Overview of Cash Register Reporting Requirements in Denmark
A cash report is necessary to record the money that has been received and paid out through a cash register during the day. It is a legal requirement in Denmark for traders to prepare this report when receiving cash payments from customers. It is important to note that a cash report is different from a printed cash register report, and while accounting can be done without them, failing to complete daily cash register reports can have severe legal consequences in case of an audit by the tax authority.
Cash report – step by step
- Start by collecting all receipts related to cash payments from customers or cash payments to suppliers for the day.
- Choose a cash report template that will help you determine the amount of money at the beginning and end of the day.
- Record the sum from the beginning of the day in the "cash at the beginning of the day" item.
- At the end of the day, calculate cash sales from the whole day and enter the value in the "revenue" column, including credit card sales along with cash sales.
- Highlight sales of credit card and adjust the balance of cash in the next line by specifying the amount from card sales transferred to the bank.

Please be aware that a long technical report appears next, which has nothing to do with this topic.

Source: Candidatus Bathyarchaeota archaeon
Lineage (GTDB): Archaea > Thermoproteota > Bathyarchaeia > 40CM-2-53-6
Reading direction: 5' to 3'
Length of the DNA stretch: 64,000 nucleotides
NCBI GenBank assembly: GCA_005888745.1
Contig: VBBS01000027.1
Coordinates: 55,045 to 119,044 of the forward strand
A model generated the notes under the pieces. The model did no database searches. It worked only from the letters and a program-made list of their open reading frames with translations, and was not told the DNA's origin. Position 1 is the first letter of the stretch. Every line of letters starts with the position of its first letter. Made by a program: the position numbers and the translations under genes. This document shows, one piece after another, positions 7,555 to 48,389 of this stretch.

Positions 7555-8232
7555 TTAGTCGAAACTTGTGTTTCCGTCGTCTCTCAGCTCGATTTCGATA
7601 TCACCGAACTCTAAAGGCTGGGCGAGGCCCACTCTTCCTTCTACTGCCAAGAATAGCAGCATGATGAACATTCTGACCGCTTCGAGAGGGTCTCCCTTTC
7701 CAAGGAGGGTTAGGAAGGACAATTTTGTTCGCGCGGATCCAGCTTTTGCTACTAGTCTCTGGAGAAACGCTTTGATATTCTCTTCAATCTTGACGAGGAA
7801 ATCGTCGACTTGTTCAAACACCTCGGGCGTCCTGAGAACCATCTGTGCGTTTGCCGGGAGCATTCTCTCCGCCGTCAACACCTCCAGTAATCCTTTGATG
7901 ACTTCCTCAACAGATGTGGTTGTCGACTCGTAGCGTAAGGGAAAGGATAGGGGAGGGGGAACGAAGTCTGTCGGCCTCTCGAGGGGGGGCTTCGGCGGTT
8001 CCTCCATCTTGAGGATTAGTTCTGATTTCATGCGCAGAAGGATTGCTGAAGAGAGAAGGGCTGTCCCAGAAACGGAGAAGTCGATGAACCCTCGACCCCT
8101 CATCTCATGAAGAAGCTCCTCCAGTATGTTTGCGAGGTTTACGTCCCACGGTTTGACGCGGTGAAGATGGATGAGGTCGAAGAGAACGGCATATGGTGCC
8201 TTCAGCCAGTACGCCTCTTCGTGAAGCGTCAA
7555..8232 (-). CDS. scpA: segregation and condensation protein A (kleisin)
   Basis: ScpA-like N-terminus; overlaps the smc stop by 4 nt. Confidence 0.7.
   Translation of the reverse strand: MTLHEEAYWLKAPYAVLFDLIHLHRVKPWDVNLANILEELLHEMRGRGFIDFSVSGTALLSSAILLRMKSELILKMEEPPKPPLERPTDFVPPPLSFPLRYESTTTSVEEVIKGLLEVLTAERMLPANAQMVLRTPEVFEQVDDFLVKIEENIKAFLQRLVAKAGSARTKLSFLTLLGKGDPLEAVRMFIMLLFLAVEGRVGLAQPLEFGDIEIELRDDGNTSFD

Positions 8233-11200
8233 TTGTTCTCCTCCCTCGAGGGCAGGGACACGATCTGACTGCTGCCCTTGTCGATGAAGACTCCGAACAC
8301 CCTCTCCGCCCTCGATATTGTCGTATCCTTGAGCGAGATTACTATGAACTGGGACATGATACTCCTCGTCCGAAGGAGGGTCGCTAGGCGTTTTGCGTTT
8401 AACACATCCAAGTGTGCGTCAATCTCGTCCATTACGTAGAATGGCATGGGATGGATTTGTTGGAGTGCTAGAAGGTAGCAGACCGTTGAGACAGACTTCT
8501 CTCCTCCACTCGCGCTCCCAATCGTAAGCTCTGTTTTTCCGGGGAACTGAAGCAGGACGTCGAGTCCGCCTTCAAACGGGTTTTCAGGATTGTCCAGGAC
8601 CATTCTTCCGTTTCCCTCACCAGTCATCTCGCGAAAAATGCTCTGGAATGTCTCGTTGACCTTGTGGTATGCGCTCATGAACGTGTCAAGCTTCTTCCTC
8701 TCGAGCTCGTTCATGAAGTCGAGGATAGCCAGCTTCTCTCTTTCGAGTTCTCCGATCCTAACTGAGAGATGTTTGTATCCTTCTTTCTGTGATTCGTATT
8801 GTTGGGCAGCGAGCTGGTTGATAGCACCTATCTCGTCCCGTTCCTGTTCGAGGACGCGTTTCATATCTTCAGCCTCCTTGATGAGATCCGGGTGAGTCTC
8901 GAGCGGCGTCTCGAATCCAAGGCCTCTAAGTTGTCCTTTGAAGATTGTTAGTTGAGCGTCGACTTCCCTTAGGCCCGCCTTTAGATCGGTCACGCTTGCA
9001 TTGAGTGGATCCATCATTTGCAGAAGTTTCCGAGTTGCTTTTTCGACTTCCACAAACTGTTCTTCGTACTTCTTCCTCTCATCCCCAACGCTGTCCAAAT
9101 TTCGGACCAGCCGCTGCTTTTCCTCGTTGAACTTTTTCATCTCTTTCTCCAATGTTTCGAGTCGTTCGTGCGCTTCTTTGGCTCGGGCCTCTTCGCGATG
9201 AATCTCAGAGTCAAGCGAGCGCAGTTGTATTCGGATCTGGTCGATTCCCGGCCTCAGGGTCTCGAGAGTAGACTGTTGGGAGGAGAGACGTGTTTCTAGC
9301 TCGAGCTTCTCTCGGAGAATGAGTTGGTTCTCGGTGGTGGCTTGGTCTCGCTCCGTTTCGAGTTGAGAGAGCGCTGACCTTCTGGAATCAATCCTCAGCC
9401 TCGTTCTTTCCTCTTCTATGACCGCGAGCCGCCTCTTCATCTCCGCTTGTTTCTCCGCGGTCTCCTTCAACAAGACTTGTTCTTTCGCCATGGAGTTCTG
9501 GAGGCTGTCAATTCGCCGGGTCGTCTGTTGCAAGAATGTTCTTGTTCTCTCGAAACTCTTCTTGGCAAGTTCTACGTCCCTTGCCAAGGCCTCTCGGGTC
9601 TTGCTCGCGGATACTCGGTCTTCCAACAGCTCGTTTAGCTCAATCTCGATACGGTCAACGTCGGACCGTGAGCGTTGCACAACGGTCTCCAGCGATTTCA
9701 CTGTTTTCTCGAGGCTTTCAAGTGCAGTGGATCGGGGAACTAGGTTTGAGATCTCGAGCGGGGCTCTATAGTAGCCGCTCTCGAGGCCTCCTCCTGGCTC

- Write out all cash expenditures during the day, including purchases paid in cash, in the "outgoing" column.
- Calculate the total amount at the end of the day by counting the money in the cash register and noting the number of bills and coins of each denomination.
- If there is a cash difference, record it in the first line of tomorrow's cash report and adjust the cash register accordingly.
- The next day, the cash balance in the morning will be the amount in the cash register plus any adjustments from the previous day.
In compliance with Danish law, entrepreneurs are required to prepare cash reports. While most entrepreneurs prepare them daily, the frequency may vary depending on the legal structure of the business.